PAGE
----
17 July 2011

Dinner at Wakame, Minneapolis

My wife and I met friends for dinner at Wakame on a hot July evening. They live in the neighborhood and eat there regularly. When they made the reservation, we hoped we could eat outside on the patio. But it was a steamy, muggy evening with temps in the high 80s, so we ate inside.

Before Wakame, this space was a seafood restaurant called Three Fish. We went there with this same couple. (Click here to read my previous review.) It was one of our favorites, and we were disappointed when it closed. We’d always heard good things about Wakame. But since my wife doesn’t like sushi, we hadn’t been there yet. Wakame2

We started by splitting two salads. (Well, actually, we started with drinks. Linda was very excited to see that they have a lychee martini on the menu, and that’s what she ordered. My friend and I had sake, and his wife had a glass of red wine.)

The salads that we split were a spicy crab salad and a seasoned squid salad. Both were very good, though I liked the squid salad best. The crab salad was crab, cucumber, and seaweed. The dressing was a spicy mayo and it was topped with sprinkles of tempura that added a nice crunch. The squid was sliced rings with cucumber dressed with a sesame vinaigrette. Like I said, I liked that the best.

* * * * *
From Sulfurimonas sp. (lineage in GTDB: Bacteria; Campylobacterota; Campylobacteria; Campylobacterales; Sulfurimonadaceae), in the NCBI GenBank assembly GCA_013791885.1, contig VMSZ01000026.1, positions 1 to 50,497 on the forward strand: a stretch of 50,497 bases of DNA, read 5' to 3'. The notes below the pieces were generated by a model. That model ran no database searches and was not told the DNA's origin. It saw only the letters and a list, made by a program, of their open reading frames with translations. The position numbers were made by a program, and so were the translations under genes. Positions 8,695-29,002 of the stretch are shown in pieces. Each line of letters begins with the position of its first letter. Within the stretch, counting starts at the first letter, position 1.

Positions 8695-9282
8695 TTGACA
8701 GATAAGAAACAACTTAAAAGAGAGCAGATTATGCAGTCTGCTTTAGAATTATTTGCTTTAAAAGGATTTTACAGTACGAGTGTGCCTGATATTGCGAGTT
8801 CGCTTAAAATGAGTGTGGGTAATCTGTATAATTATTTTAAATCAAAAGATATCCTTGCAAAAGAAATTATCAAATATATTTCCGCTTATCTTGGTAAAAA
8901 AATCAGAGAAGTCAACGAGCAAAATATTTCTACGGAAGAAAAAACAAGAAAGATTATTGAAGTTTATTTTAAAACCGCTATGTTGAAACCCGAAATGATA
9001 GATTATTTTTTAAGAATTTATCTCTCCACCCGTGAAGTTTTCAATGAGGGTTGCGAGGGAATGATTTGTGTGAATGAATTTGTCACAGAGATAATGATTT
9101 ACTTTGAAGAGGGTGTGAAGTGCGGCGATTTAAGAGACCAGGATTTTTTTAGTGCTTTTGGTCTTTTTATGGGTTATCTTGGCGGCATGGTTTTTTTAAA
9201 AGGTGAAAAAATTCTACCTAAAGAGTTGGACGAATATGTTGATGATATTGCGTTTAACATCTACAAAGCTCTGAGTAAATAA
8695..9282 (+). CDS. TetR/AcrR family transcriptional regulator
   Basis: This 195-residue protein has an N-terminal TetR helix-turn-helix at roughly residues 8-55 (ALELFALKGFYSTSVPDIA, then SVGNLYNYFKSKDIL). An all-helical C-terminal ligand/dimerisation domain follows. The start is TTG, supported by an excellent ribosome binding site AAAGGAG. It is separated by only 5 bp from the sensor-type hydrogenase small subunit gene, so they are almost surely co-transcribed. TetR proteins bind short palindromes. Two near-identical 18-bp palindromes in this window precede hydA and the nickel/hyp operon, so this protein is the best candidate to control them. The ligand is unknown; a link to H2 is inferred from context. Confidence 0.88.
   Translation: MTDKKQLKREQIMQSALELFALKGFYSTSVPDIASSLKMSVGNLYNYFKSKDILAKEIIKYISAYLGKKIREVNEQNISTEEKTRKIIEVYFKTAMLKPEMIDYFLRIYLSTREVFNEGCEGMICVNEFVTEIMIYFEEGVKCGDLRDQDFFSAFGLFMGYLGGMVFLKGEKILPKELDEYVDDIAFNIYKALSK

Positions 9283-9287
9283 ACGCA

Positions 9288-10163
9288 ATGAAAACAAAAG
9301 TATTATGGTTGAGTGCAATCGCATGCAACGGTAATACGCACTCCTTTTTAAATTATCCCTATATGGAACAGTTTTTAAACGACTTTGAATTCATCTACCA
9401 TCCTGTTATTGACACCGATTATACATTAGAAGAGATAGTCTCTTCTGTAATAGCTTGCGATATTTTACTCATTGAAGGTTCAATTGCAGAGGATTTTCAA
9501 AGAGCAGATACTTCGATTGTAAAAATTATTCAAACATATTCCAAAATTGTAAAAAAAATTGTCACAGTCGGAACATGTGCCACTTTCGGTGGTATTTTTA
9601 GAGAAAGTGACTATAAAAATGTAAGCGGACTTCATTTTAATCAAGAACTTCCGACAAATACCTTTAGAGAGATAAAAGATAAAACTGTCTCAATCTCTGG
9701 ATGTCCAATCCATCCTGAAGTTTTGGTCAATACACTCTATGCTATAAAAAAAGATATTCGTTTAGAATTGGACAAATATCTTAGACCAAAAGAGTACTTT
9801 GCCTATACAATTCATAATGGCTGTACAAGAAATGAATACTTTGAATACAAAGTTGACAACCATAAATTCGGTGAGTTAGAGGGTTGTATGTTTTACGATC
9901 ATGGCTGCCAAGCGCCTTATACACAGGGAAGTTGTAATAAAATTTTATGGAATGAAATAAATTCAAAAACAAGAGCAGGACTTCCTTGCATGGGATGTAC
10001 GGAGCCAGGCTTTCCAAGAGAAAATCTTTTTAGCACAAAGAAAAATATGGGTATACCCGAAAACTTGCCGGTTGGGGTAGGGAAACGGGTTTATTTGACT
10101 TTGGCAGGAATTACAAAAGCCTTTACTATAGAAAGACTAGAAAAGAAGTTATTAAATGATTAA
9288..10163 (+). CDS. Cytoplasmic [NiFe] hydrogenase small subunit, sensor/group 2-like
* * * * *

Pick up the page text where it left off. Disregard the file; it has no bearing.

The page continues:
Fortunately for Linda, Wakame has a diverse menu with lots of alternatives to sushi. She had the apple teriyaki sea bass, and really loved it. It was a nice size piece of fish cooked expertly. She didn’t want the rice or mashed potatoes that normally come with the fish. She asked for extra vegetables instead. She got a very generous portion of mushrooms and zucchini. I tasted her meal, and it was great. (A very worthy substitute for Three Fish.)Wakame1

I like sushi. But I’m not a sushi connoisseur, so I let our friends do the ordering. We got three rolls and three orders of nigiri and an order of a scallop sushi.

So I know this is terrible for me to admit it, but since I didn’t order the rolls, I absolutely don’t know which ones they were. You can see them in the photo. They all were very good. But sorry, I don’t know what they are.

For the nigiri, we had two orders of yellowtail and one tuna. Since nigiri is such a straightforward, simple item, whether you like it or not depends on the quality and freshness of the fish. (I guess the same is really true for a roll. It’s just that since there are other ingredients, the fish is less predominant. However, if the fish in a roll is slightly off, the other ingredients won’t overshadow, and you’ll know it.) Anyway, the nigiri at Wakame was very good. I think I liked the tuna better than the yellowtail.

The scallop sushi was ok, but nothing special. Wakame3

We did order dessert. We ordered lemon cake, which was light and very flavorful. Just as we were finishing that, the owner sent over a pineapple dessert. (It’s nice to know that they take care of regulars at Wakame.) The pineapple, strawberries, and sectioned orange on the plate were beautifully presented, and how can you go wrong with good fresh fruit.

Our friends told us that Wakame has a great happy hour. We all thought it would be fun to meet there some evening when we could sit on the patio and have drinks and appetizers.